Saturday, October 25, 2014

The Flexibility of Morality

"Ideals are harmless, its the human aspect that makes it lethal," the main character in the WWII-themed war movie Fury (played by Brad Pitt) uttered to his subordinate as the two walked through a small German town hall, filled with corpses of Nazi loyalists who committed suicide.  The comment, especially with the gruesome background of dead bodies and massive portrait of Adolf Hitler on the wall, reflects so poignantly on the role of ideology in modern-day conflicts.  From the haphazard American invasion of Iraq to the violence-filled conquests of ISIS in Iraq and Syria, the power of political principles lead to death and destruction.

Yet, what is most powerful about the movie, which details the exploits of an American tank crew in desperate Germany in the war's last days, is not the conveying of ludicrousness of such high-level ideals set against the brutal reality of armed conflicts, but how people have changed their way of thinking and behavior in a world where death can approach in anyway and any second.  This becomes much less of an issue with state-sponsored beliefs (e.g. democracy, capitalism, etc) but much more to do beliefs of the individual in terms of what is right and wrong, what is ethical and acceptable.

The movie's myriad dark humor on the ease of getting laid in the war-zone attests to this.  As the tank crew jokes about how four cigarettes suffice for a quick romp, the audience cannot help but feel a certain degrees of sadness (or revulsion, depending on the degree of emotional response) as they force a chuckle at the lewd commentary.  Indeed, in the midst of crisis, when one's very life and structure of society is so fragile, resources so scarce, and chances of survival until the end of the war so minimal, who to have sex for what reason and compensation probably becomes the least of one's anxieties.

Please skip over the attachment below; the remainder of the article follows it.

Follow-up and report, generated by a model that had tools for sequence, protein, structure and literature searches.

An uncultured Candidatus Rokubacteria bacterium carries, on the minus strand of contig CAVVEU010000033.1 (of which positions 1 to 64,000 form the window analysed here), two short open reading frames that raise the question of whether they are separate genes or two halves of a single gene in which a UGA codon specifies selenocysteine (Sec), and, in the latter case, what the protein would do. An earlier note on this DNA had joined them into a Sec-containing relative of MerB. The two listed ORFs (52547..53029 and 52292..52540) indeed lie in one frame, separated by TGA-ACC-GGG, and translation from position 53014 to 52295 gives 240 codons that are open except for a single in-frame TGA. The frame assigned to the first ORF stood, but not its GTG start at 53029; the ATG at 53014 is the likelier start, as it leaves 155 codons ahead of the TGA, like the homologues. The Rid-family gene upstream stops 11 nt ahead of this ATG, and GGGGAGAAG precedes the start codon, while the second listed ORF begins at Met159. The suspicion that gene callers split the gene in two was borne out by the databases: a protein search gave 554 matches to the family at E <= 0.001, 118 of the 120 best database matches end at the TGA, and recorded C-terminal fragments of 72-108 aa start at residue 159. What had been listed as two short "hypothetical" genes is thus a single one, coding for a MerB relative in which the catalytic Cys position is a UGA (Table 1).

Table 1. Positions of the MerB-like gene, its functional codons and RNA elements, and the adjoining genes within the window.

It would rather irresponsible for a modern audience, used to the material comfort and security of peacetime modernity, to simply dismiss such behavior by American GIs in a war-battered Germany as "morally irresponsible" and "victimizing the unfortunate."  While there is no denying that there must have been some form of coercion by soldiers who are both vengeful and armed, toward the local populace, starving and devoid of any means to protect themselves, the complete desensitization to moral implications to such coercion would have been almost meaningless to the soldiers in ways not empathetic to peacetime rules.

Instead, the objective takeaway of the audience should be just how morality is shaped by the circumstances in which people reside, and that grandiose proselytizing, whether it be by governments, the media, religious organizations, and such, cannot trump the needs of individuals to adapt to current circumstances to extend possibilities of survival.  In fact, the very act of being able to contemplate the concept and details of some persistent and constant moral code is a luxury not afforded to people stuck in the depth of existential crisis, whether it be war, starvation, or constant and organized persecution.

To them, and extension, to the reminder of human society, the insistence that moral/ethical/ideological standards remain consistent throughout one's existence (and post-mortal existence, for the religious) is by all means completely meaningless.  As the characters in the movie came to realize, fulfillment of immediate desires take precedence over any sort of long-term planning, and any emotional attachment ought to be refrained from blossoming to more than just that.  These are principles, while far-fetched-sounding, should not be completely lost to those living in peace.

But above all, for the modern audience, it is a reminder how valuable peace can be. While the heroic exploits of the characters on-screen are lauded and respected, few of those watching would be happy with being thrust into similar situation in any point of their lives.  With war raging on a mere few hours of flight away and their extremist ideals finding more and more resonance among the local crowd, it is wise that people take priority in thinking not about what they believe in but the consequences of their vehemence in executing those beliefs.  Taking it with a grain of salt is more than an understatement in this regard.

Lastly, it is a reminder for people to not jump to conclusions prematurely in judging others' beliefs, before objectively assessing the background that allow such beliefs to catch on in the first place.  One can despise extremism that target innocent people, but one should never dismiss their belief simply as shallow, hateful, or limited to a few individuals.  If people are driven to fight and die for certain moral principles, then understanding such morality in detail would be essential.  Only with such understanding can one devise plans to change such moral principles.  

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